A tough electoral map, a lack of momentum and the scarcity of free media opportunities will likely have Newt Gingrich struggling through February in order to hold on until Super Tuesday in early March.
The former House Speaker left Florida badly bruised and short on cash. The next voting states are mostly favorable territory for rival Mitt Romney, and Gingrich will need to prove to donors as well as voters that he is still a viable candidate.
Former Sen. Bob Smith (R-N.H.), a leading Gingrich surrogate, admitted the next few weeks will be rocky for the former Speaker but argued that he will still be viable in a drawn-out battle for delegates, and that the campaign is focused on building infrastructure in southern states that will vote in March.
Gingrich’s resurgence in the GOP field was largely built on his debate performances. But after seven January debates, there is only one scheduled for February. The only other major candidate event is the Conservative Political Action Conference next weekend.
But supporters aren’t worried about the flamboyant former Speaker’s ability to get attention.
“Newt has an infinite ability to make news — we’ve seen that,” said Rick Tyler, Gingrich’s longtime aide who is now running the super-PAC supporting his former boss.
Tyler said his group’s plan was to run a more positive, issues-based campaign.
“We chinked the inevitability armor of Mitt Romney and demonstrated he is a deeply flawed candidate — that job is done,” he said. “From now on we want to remind people of Newt’s actual record.”
And while Gingrich supporters argued momentum doesn’t matter, others disagree.
“It’s tough when you have that long of a time window,” said Scott Howell, a Republican strategist who has not endorsed in the race.
Howell said that his 2008 experience proved that point. He worked for former New York City Mayor Rudy Giuliani, who faded quickly in national polls after deciding to skip the early states and wait for Florida. “It’s hard to stay relevant when you have a gap like that,” he said.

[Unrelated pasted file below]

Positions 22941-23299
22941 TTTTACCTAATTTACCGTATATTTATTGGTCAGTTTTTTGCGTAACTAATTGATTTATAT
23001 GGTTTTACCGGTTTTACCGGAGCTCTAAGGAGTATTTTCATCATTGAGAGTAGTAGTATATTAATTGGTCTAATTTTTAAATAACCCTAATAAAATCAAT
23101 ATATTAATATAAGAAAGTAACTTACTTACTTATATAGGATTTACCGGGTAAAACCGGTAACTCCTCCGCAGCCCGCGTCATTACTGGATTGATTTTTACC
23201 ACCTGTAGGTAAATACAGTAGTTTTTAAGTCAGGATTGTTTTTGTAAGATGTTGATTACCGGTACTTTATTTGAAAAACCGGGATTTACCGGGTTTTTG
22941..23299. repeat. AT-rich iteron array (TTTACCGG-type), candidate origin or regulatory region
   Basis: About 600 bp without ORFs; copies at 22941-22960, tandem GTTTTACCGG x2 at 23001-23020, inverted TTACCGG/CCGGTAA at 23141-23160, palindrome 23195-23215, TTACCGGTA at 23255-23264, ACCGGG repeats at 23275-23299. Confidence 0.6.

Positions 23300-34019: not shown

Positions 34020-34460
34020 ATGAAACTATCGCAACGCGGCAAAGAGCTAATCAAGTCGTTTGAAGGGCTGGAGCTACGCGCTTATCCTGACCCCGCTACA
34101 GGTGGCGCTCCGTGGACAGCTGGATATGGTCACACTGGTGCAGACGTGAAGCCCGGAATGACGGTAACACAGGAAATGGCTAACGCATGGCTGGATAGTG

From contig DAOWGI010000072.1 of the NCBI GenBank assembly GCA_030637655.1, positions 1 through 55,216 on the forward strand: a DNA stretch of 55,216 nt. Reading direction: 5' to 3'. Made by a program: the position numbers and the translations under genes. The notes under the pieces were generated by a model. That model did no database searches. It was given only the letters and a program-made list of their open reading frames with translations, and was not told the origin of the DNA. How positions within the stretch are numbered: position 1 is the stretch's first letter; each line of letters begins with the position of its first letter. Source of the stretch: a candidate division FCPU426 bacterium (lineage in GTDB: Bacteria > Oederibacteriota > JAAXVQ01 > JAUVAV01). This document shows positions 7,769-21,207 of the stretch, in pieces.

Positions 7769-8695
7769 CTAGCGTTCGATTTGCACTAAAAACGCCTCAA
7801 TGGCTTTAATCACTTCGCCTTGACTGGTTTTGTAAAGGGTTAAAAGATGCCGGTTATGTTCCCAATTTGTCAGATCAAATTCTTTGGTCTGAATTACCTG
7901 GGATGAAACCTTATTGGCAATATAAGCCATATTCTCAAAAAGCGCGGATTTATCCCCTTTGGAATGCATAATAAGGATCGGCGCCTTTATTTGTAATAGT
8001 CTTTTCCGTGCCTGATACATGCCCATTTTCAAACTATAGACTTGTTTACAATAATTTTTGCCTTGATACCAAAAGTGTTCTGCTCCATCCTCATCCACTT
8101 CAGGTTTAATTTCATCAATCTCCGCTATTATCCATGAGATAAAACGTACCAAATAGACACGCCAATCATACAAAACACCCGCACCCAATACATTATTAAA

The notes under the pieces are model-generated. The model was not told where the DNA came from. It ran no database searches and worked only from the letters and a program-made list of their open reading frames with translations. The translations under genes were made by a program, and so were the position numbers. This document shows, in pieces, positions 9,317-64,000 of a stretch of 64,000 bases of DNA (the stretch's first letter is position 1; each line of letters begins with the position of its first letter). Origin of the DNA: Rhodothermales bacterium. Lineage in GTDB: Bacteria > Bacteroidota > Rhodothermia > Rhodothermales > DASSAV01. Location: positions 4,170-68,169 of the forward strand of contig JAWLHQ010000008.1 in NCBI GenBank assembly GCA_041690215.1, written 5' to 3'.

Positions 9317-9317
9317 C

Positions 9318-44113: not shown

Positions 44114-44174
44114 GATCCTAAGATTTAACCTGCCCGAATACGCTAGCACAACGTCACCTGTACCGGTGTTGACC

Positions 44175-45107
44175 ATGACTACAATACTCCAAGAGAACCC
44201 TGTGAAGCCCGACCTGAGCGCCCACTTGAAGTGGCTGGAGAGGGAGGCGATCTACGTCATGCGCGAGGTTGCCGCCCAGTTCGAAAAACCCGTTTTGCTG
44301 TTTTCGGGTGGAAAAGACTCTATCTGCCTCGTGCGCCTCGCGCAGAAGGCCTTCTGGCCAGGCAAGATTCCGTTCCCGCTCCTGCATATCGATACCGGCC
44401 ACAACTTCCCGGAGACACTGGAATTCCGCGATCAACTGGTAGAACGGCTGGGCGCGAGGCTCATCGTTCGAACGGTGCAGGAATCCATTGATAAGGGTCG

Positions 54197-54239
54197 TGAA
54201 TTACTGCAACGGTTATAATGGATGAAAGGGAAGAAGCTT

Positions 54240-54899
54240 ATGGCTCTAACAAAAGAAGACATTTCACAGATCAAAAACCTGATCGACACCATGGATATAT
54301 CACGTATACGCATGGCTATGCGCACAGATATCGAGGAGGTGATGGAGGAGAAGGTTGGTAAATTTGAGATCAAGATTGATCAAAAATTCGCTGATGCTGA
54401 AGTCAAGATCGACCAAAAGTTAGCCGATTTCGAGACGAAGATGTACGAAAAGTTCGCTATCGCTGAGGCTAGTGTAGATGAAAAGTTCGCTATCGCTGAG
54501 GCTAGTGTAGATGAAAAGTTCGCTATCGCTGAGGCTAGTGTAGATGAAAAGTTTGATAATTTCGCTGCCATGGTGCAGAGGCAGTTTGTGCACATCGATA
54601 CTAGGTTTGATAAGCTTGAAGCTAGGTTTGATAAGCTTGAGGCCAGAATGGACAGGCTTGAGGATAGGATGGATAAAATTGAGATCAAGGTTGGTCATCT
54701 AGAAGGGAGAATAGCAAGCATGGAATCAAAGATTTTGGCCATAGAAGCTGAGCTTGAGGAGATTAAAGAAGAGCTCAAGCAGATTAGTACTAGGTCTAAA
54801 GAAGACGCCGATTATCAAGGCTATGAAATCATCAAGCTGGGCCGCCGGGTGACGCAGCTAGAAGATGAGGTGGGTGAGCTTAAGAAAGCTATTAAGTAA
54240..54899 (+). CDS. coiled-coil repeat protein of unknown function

The primary calendar offers little hope for Gingrich. Four years ago, Romney won six of the eight states that vote between now and March 6. Gingrich failed to get on the ballot in a seventh state, Missouri, and in the eighth, Arizona, Romney came in a strong second place behind home-state Sen. John McCainJohn McCainBiden: 'McCain is right: Need select committee' for Russia Top general: Trump State Department cuts would hurt military's efforts against Russia Fortune's 'Greatest Leaders' list includes Samantha Bee, snubs Trump MORE (R-Ariz.) in 2008.
Gingrich also is very short on cash, and without first-place finishes it is hard to keep donations flowing in. He had $2 million cash on hand at the end of the year and his campaign announced an additional $5 million in January fundraising, but in the month he spent close to $2 million on ads alone, leaving his war chest nearly empty once again.
Smith has been helping Gingrich by meeting with major donors, and said that he’d checked in with some of them after Gingrich lost Florida.
“Our challenge is to raise money, we know that, and to win some primaries on or before Super Tuesday,” Smith said. “There’s no panic with the donors. We got knocked down but we’re back up again and I think the people who believe in Newt and the conservative cause will continue to give. Most of the conservatives took [Romney’s attacks] personally — they felt the establishment attacks were against all conservatives, not just Newt, and that they don’t want a real conservative.”
The former House Speaker will reportedly meet next week with his most important backer, billionaire Sheldon Adelson. The casino magnate has already donated $11 million to a super-PAC backing Gingrich. If Gingrich can convince his friend to keep bankrolling the group, slow fundraising won’t matter quite as much. But if Adelson pulls the plug, Gingrich is as good as done.
When asked if Gingrich could do anything to re-energize his campaign, Howell paused.
“He says he’s closer to God now,” Howell said. “I guess he can pray.”